How to Simplify School Lunches
If the thought of packing school lunches for your kids makes you want to tear your hair out, this post is for you! We rounded up some of our members’ favorite ways to make school lunches easier, because easy school lunches make for a better — and smoother — school year.
In a year that hasn’t looked like any other, many parents are still unsure what school will look like in the fall. Will kids return to classrooms or continue to distance learn at home? Will classrooms be configured differently? Will class sizes change?
But one thing is certain: Kids gotta eat! And for parents around the world, school lunches often inspire a familiar groan of resignation. It’s a lot of work to create five complete school lunches per week, per kid! And all the more so if you’re trying to come up with new ideas every single day, and fit in packing lunch after an already hectic day.
That’s why we turned to the experts for advice — parents. We spoke with Cook Smarts members to get their best tips for taking the stress out of packing school lunches, so that at least one thing about this year can be easier than last! Read on to see what they recommend.
8 Tips to Simplify School Lunches
1. Know the rules
Assuming kids are eating at school this year, it’s important to start by knowing the rules. Each school is a little bit different in what they do and don’t allow at lunch, so if you’re not already familiar with the specifics at your kids’ school, read up! Allergy restrictions are particularly common; most schools don’t allow peanut butter, and many don’t allow nuts at all. Some schools also restrict candy, sodas, or chips.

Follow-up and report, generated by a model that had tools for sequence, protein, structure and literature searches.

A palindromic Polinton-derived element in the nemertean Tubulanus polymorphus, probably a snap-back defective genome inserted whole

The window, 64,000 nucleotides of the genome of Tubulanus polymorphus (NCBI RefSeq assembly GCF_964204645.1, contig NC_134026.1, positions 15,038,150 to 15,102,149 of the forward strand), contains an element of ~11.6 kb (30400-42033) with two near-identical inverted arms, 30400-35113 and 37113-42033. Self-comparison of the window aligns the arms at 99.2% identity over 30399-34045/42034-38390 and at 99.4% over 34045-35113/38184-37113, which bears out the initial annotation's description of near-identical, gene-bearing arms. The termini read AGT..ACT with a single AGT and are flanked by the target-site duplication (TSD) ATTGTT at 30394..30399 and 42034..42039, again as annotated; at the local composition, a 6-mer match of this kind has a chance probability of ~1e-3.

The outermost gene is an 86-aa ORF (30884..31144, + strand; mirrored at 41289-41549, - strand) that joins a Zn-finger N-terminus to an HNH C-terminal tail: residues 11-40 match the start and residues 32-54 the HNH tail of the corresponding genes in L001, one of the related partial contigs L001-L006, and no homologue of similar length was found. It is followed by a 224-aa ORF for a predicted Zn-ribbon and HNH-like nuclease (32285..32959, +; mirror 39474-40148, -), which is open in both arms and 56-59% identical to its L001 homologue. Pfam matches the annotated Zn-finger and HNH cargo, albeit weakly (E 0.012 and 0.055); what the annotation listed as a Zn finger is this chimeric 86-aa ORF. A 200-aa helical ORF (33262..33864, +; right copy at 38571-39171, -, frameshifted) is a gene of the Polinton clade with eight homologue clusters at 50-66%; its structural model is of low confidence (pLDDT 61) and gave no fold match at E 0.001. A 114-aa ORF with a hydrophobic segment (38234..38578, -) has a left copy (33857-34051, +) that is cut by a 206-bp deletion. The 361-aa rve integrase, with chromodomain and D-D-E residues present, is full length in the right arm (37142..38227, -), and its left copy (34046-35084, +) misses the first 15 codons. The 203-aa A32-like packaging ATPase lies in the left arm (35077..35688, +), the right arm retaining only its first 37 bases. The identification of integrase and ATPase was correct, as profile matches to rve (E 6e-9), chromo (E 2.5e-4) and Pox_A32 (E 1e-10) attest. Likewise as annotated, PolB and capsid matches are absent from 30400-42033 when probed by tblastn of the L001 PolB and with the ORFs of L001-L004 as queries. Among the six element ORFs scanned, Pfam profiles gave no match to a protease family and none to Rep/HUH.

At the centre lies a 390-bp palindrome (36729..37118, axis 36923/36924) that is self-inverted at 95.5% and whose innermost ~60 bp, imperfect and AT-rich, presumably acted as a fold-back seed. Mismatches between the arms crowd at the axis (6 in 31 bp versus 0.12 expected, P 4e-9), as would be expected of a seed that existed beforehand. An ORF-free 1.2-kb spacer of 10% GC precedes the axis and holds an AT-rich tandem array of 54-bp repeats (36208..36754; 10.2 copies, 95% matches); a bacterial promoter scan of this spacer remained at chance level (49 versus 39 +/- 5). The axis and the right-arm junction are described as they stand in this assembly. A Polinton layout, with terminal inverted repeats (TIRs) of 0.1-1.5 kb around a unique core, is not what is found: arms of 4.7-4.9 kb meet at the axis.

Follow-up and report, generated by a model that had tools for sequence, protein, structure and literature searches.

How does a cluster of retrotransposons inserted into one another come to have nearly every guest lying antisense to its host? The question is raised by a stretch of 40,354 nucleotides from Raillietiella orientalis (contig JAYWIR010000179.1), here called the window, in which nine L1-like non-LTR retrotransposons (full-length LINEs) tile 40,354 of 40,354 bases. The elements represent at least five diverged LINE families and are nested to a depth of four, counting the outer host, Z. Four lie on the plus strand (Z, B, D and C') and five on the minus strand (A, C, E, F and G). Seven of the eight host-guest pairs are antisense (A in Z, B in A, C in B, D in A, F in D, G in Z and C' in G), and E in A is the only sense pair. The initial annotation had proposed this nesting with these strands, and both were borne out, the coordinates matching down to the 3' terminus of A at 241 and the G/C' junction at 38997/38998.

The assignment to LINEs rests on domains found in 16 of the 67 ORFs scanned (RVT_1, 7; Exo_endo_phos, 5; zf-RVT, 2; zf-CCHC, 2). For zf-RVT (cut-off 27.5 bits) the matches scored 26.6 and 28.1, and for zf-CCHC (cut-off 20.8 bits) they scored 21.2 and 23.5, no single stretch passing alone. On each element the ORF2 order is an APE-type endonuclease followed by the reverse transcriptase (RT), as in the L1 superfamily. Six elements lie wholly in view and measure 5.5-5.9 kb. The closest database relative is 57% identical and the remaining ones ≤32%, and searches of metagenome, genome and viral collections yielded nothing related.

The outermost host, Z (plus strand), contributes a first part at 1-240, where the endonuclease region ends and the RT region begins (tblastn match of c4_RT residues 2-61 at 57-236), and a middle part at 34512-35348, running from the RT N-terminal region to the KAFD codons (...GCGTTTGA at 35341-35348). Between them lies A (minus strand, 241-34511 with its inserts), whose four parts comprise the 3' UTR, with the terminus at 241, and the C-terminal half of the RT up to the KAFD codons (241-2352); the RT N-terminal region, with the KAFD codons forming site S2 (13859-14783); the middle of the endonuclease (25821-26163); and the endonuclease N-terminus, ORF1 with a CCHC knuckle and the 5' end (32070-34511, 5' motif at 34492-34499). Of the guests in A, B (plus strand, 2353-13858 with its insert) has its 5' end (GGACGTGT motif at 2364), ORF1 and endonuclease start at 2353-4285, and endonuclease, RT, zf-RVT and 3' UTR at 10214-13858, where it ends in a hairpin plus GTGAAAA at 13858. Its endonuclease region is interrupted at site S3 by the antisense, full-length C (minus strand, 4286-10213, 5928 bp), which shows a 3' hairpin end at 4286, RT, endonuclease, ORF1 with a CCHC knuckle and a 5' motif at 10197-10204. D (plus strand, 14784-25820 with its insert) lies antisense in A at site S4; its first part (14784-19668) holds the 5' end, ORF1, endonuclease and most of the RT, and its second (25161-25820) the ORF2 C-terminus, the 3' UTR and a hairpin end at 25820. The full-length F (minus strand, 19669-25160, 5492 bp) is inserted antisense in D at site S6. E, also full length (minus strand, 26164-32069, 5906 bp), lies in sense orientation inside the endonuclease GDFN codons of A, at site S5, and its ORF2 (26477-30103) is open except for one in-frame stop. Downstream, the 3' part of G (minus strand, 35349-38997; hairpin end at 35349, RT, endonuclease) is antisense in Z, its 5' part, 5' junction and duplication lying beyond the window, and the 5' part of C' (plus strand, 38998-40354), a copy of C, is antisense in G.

2. Prep for multiple days at once
Several Cook Smarts members we spoke with mentioned that they like to batch school lunches to make prep easier. “We do 3 days’ worth on Sunday and then pack 2 more on Wednesday,” says Jessica F.J.
Tara P. does the same, adding that she continued packing lunches a couple times a week while distance learning in order to make her life a little easier. “[My daughter] could just grab them when she was ready to eat,” Tara says.
3. Prep freezer meals
Many meals freeze well, which means you can prep them weeks in advance, if necessary (and if you have the freezer space!). This works for pasta dishes, pot pies, casseroles, stir-fries, and more.
Even PBJs — or sunflower butter and jelly sandwiches, if peanuts aren’t allowed — do well in the freezer. “I’ve read when freezing to put the peanut butter on both pieces of bread and jelly in the middle to avoid soggy bread,” Terri T. advises. Then simply pop them in a lunchbox in the morning to thaw until lunchtime.
4. Divide lunches in categories
Several members recommended dividing lunches into categories such as main course, vegetable, fruit, and snack, or alternately — carb, protein, dairy, fruit, and vegetable. That way, you or your child simply chooses one item from each category to create a complete lunch, and they can make suggestions for what they’d like you to buy at the store from each category as well.
Nancy H. even creates a lunch “menu” for her categories. “The kids can pick their meal based on what is on the menu after shopping,” she says. “Puts them in control and uses up what I bought.”
Leah M.F. likes the category approach as well. Her kids generally get a main dish, such as a sandwich, soup, mac ‘n’ cheese, or crackers and cheese; a veggie, sometimes with dip; a fruit; a side, such as Cheerios, Goldfish crackers, or SunChips; and a treat, such as a fig bar or fruit muffin. “If their main item lacks protein, I throw in a hard-boiled egg or something, too,” she adds.
5. Use bento boxes
Several Cook Smarts members mentioned that bento boxes have made their lives easier when it comes to packing a lunch. Nancy N. shares that “I have had the most success (easiest to prep and also unpack / wash, kids actually eating it) packing bento-style lunchboxes, but I don’t get fancy. Usually one section is something left over from dinner that can be at room temp or kept cool with an ice pack, and the rest are crackers, cheese, and raw fruits and veggies.”